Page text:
• Describe the current external validity challenges and solutions in preclinical pain research.
  • Review opportunities and challenges in developing AI models to predict postoperative pain.
  • List the opportunities to integrate brief behavioral to scale pain management broadly in the perioperative and chronic pain environments.

FAER/eSAS: A Day for New Researchers

FAER/eSAS: Funding Alphabet Soup – How Does FAER Fit In and Where Can It Take You?
Sunday, October 20 |  | 8 – 9 a.m. ET | Pennsylvania Convention Center; 119AB

Moderator: Nabil Thalji, MD, PhD


This panel will begin with a brief discussion by the Moderator of the various ways research relating to anesthesia is funded. This serves as an introduction or refresher to the audience who may be unfamiliar, and will aid in the understanding of our panelists’ discussion of their careers. After this introduction, three panelists will share brief presentations outlining their career pathways and how being awarded a FAER MRTG has played a role in their careers. We have selected panelist from early, mid, and well established career stages, as well as various areas of research. We hope that this introduces some of the many different possibilities in a research career, and helps de-mystify “life after training” transition that often feels like a “black box” and often discourages people from considering a career in research.

Learning objectives for this session include the ability to:

  • Describe the difference between foundation and NIH funding.
  • Name at least one award mechanism in each category (Foundation vs. NIH).
  • Describe how FAER MRTG funding has helped launch the academic career of at least 1 panelist.

FAER/eSAS: Perspectives on Careers in Research
Sunday, October 20 |  | 9:15 – 10:15 a.m. ET | Pennsylvania Convention Center; 119AB

Moderator: Elizabeth Townsend, MD, PhD


This session aims to highlight the multiple paths that early-, mid-, and senior stage investigators have taken to becoming successful physician-scientists. Additionally, the panelists engage in research in multiple areas of anesthesia research, demonstrating the breadth of possibility in research in anesthesia. The moderator will lead a structured discussion amongst the panelists that will explore how the panelists started their careers, how they developed their research interests, and lessons they have learned during their journeys. The second portion will involve the panelists taking questions from the audience.

Learning objectives for this session include the ability to:

  • Define the various career trajectories to becoming an anesthesiologist-scientist.
  • Explore the diversity of anesthesia-related research.
  • Identify important characteristics and pitfalls to avoid for becoming a successful anesthesiologist-scientist.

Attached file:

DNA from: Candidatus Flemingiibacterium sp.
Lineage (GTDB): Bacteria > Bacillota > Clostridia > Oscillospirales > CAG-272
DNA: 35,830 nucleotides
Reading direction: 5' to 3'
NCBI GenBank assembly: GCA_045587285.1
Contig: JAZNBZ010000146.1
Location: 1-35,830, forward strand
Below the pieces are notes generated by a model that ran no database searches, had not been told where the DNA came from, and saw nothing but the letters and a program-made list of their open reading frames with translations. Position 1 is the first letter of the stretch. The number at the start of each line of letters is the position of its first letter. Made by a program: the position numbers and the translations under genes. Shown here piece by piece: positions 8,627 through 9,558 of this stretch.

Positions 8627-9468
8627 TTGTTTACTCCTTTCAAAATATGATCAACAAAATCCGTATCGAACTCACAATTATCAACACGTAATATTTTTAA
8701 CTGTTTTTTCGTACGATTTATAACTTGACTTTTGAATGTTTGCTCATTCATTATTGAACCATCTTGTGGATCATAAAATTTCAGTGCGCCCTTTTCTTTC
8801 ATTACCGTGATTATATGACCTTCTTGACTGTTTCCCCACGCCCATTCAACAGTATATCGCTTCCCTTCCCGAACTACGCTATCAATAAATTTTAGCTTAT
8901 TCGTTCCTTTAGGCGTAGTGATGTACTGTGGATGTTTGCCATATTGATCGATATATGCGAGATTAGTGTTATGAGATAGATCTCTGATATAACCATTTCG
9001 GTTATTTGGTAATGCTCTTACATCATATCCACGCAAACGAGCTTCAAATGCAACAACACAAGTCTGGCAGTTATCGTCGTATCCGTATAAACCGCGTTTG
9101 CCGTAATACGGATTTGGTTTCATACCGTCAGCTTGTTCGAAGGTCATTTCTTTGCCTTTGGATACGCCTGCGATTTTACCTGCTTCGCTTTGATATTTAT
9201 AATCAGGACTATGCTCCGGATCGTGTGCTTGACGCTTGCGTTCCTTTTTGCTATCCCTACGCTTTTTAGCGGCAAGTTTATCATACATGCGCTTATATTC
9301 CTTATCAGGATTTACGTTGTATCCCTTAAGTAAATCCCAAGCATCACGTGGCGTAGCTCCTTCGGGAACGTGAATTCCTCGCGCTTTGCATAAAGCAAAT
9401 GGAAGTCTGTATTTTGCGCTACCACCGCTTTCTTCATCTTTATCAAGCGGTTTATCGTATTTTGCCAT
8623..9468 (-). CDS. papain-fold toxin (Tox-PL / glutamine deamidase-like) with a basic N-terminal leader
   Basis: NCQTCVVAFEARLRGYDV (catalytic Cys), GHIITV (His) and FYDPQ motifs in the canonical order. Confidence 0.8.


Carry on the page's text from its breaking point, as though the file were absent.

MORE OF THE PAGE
FAER/ARMA Sponsored Mentoring Session: Finding the Right Research Question & Path, Right Environment & Culture, and Right Mentor
Sunday, October 20 |  | 10:30 – 11:30 a.m. ET | Pennsylvania Convention Center; 119AB

Moderator: Pamela Flood, MD, MA

Speakers: TBD

This 60-minute session will consist of two 30 minute parts. The first 30 minutes will be podium presentations with 3 speakers, discussing a topic for 10 minutes. The topics which will be covered are: 1) Finding the right research question & path (10 minutes), 2) Finding the right environment & culture (10 minutes), and 3) Finding the right mentor (10 minutes).

We will then have breakout rooms or tables with table captains who are experienced academic mentors for a more personal discussion with attendees. If you’ve ever wondered what mentors expect of trainees or wished to become a better mentor yourself, this FAER Academy of Research Mentors session run by highly successful clinician scientists is geared specifically for you. A major highlight of this panel is the opportunity for participants to hear from experts and also have small group and personal discussions.

Learning objectives for this panel include the ability to:

  • Maximize the mentor mentee relationship and clarify common misperceptions about the mentor-mentee relationship.

FAER Medical Student and Resident Research Symposium
Sunday, October 20 |  | 1 – 4:15 p.m. ET | Pennsylvania Convention Center; 119AB

MSARF Poster Presentations: 1 - 2 p.m. ET
RSP Poster Presentations: 2:45 - 3:45 p.m. ET
Awards Ceremony: 4 - 4:15 p.m. ET

Moderator: Chad M. Brummett, MD

The FAER Medical Student and Resident Research Symposium brings together FAER sponsored Medical Student Anesthesia Research Fellows (MSARF) and Resident Scholar Program (RSP) participants to present their research projects conducted in anesthesiology departments across the nation. Medical students have been directly supported by FAER for a summer-long research experience at their own or another medical university and both students are residents are required to present scholarly activity projects with strong preference for original research. Students and residents will be together for more effective networking and mentoring opportunities among young trainees in order to better expose them to major research topics in advancing the field of anesthesiology.

FAER is a related organization of the American Society of Anesthesiologists (ASA). For over 35 years, FAER has been dedicated to developing the next generation of physician-investigators in anesthesiology. Charitable contributions and support to FAER help fuel the future of anesthesiology through scientific discovery. Funding priorities include: Research, Education, and Training. At the time of this article's publication, FAER has awarded more than $58 million in research grants and programs since 1986. To donate to FAER, visit FAER.org/donate.
Research in Education Grants (REG) advance the careers and knowledge of anesthesiologists interested in improving the concepts, methods, and techniques of education in anesthesiology. These grants are eligible to anesthesiology faculty of any rank and comprise $100,000 in funding over two years.

Curated by: BH

Last updated by: BH

Date of last update: July 11, 2024